Guajiras do Brazil. Composed and perfomred by Antoine Boyer (Gypsy jazz guitar) & Samuelito (flamenco guitar).
This contemporary piece is inspired by the flamenco guajira fused with Gypsy jazz. It's not common to see flamenco guitar and steel-sting guitar played together but these two artists have done an incredible job making this work. If you remember from a previous post, the guajira style of flamenco music belongs to a larger group of styles called Cantes de Ida y Vuelta (i.e., round-trip songs) that originated in either Spain or Latin America and moved between regions at least once. These songs were later “flamenco-ized” in Spain.
The guajira’s origin lies in a Cuban style of music called the Punto Cubano. What is particularly interesting about the Punto Cubano is that its original rhythm is almost identical to the flamenco guajira (although much faster) and the Punto Cuban’s lyrics were written in 10 octosyllabic verses — a poetic style dating back to 16th century Spain. The lyrical style was likely brought to Cuba from Spain, adopted by Cuban musicians, and then adopted and varied again by Spanish flamenco musicians post-1860.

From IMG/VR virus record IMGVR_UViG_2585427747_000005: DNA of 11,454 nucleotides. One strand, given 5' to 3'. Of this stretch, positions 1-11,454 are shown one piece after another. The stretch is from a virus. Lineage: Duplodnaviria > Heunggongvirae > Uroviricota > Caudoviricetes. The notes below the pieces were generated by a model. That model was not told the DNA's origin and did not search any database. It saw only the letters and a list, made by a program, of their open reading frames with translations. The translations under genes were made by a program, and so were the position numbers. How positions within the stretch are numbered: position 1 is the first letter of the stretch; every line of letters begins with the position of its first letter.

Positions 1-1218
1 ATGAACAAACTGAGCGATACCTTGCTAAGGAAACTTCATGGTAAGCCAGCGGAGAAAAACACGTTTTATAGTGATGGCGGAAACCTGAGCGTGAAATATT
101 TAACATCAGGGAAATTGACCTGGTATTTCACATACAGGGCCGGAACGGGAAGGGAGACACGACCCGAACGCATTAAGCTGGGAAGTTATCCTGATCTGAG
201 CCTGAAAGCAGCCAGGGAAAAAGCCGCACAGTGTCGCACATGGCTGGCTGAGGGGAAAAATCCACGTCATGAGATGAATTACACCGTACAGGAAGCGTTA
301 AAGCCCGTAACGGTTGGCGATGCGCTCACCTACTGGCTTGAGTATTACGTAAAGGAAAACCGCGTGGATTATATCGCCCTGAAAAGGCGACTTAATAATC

Gran Sonanta. Composed by Mauro Giuliani (1781-1829, Italy) and perfomred by Ana Vidovic.
Giuliani was a cellist, singer, and virtuosic guitarist who composed over 150 pieces for solo guitar along with several orchestral works and duets (1). His Gran Sonata is an advanced work and is a standard in the classical guitar repertoire.
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